Part 1 showed you where to look and what to expect when buying a telescope. Part 2 showed you the telescope types and how much they typically cost. Part 3 will go over the main things to consider when purchasing your first telescope.
The Bigger Your Telescope, the Less Portable It Is
Yes, aparture is the most important thing to have on a telescope. But one must also remember, the larger tubes require more storage space, thus are harder to transport if being taken to a site far away.
Fully assembled large telescopes are heavy and bulky. Because larger telescopes require more trunk space, they often need to be disassembled to fit and be safely transported without being damaged.
Fully assembled smaller telescopes on the other hand can practically fit in your arms.
There’s two types of mounts, alt-azimuth and equatorial.
Alt-azimuth mounts are easier to use; you simply can just move and point your telescope to the object and viola! You got it! However, good luck trying to track the object and keeping it within view!
Equatorial mounts may require some learning, but they are designed to match your telescope to the earth’s rotation and move along with it. This makes manually tracking the object much easier when it starts getting out of view.
Filters and High Magnification Eye Pieces
Barlow Lenses – They can double or even triple the magnification to any eye piece, thus making your views much closer in the telescope.
Eyepiece Filters – There are filters that reduce the sky glow from light polluted sites, provide more contrast to help your view of faint nebulae, and there are filters that help reduce the amount of light from the moon when looking through a telescope.
Solar Filters – Proper filters are made for the front end of the telescope, covering the entire diameter of the tube to block the light from entering. Some of them can be constructed, others can be bought. These will block enough light from the sun and provide safe views through your telescope without blinding your eyes!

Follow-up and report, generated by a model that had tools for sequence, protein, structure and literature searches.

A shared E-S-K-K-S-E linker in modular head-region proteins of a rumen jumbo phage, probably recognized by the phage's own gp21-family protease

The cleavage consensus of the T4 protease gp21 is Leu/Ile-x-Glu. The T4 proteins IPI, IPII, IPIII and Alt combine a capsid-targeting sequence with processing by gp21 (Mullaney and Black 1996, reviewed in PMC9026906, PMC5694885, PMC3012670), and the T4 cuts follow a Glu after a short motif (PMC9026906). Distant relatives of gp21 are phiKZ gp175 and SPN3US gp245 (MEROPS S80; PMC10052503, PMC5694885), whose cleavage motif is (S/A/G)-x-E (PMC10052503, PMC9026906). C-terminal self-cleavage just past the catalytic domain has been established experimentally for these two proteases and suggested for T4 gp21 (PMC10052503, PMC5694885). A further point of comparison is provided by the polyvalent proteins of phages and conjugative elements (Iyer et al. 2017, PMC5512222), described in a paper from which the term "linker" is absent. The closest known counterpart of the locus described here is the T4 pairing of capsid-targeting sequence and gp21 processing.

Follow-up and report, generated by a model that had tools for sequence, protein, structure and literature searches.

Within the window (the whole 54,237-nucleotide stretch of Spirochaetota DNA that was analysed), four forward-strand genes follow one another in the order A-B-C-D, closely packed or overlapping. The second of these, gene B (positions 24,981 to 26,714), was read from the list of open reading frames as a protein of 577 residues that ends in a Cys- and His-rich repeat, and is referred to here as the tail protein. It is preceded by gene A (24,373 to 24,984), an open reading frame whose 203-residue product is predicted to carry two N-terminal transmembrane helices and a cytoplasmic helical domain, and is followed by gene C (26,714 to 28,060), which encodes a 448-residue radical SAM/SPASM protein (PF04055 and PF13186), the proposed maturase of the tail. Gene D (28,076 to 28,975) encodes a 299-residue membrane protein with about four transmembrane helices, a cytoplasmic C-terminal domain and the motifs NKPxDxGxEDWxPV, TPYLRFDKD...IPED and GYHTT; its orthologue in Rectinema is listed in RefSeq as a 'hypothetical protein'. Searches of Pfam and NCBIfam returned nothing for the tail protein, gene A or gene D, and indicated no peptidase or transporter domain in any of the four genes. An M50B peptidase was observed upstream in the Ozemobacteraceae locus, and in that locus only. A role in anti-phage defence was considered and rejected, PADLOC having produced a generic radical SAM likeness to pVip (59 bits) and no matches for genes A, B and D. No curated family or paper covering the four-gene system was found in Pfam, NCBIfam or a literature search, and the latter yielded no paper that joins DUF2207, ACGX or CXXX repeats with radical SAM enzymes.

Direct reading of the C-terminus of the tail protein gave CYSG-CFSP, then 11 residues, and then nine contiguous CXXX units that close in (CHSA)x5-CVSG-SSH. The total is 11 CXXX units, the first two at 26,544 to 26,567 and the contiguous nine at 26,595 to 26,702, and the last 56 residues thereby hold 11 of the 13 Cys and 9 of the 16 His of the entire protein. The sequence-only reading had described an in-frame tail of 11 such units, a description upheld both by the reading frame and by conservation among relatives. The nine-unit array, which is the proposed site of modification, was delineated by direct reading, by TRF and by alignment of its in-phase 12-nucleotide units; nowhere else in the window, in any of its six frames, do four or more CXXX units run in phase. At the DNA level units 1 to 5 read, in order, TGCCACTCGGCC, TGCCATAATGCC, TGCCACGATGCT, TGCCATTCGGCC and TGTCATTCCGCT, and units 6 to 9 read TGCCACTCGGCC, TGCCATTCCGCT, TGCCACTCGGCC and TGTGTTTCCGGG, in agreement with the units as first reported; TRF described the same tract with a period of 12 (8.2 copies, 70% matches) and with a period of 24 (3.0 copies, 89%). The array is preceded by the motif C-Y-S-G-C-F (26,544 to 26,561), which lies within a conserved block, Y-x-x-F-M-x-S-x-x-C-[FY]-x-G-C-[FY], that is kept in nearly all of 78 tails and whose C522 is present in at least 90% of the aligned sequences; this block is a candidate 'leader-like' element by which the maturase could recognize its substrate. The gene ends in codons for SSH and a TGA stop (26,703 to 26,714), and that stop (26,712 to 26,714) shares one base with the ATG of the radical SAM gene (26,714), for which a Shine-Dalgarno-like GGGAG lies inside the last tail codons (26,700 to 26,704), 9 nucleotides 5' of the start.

Some cheap “trash telescopes” come with a solar filter made of welder’s glass that screws onto the eyepiece. DO NOT USE IT! The focused light will heat up and may crack the filter, thus allow dangerous sunlight towards your eyes.
When you add a motorized clock drive to an equatorial mount, it automatically does the tracking and moving with the earth’s rotation for you!
Some models automatically come with the clock drive, which is easily to assemble and attach to the fine adjustment controls and only requires a few batteries to use.
But if the telescope doesn’t automatically come with it, they will require a little more out of your wallet to buy separately. But from personal experience, I will definitely say they are worth it and are a must have!
Just make sure that the clock drive is compatible with the specific telescope model you are using.
Go-To Telescopes can be made with any type of telescope that was discussed in Part 2.
These are becoming more popular due to them being designed to automatically point and track thousands of known celestial objects. They are also becoming increasingly cheaper as the technology becomes more available. Many models even have software built in that can give guided tours of the best objects in the sky.
In theory, this means they’re great for beginners, right? Well….
- The more affordable models have smaller apartures than their non-electronic counterparts. If you want a large aparture telescope with a longer focal length that’s affordable, skip on the Go-To telescopes for now.
- They are NOT a substitute for learning the night sky. If you don’t know your way around the night sky, and your Go-To telescope isn’t properly pointing at an object, how are you going to adjust and find it?
When I have to use my skills and knowledge of the night sky in finding a deep sky object, there is always a sense of accomplishment each time I spot it.
For me personally, a beginner non-experienced astronomer getting a a Go-To Telescope is like someone using cheat codes or “pay to win” micro-transactions to beat a video game without any learning or work involved.
I’m not against them, but I only recommend the Go-To Telescopes if you are a serious astronomer with experience of the night sky, if you are into astrophotography, or if you bave enjoyed your non-electronic telescope and are now looking for an upgrade
This concludes the series of articles made in order to help guide a first time telescope buyer. I hope this has given enough information without going too overboard with things involving the world of telescopes and astronomy. Telescopes are like delicate instruments – each type is meant for different things. But all in all, just owning one and using it makes you part of any Astronomical “Society” or Club, and everyone has a place in it!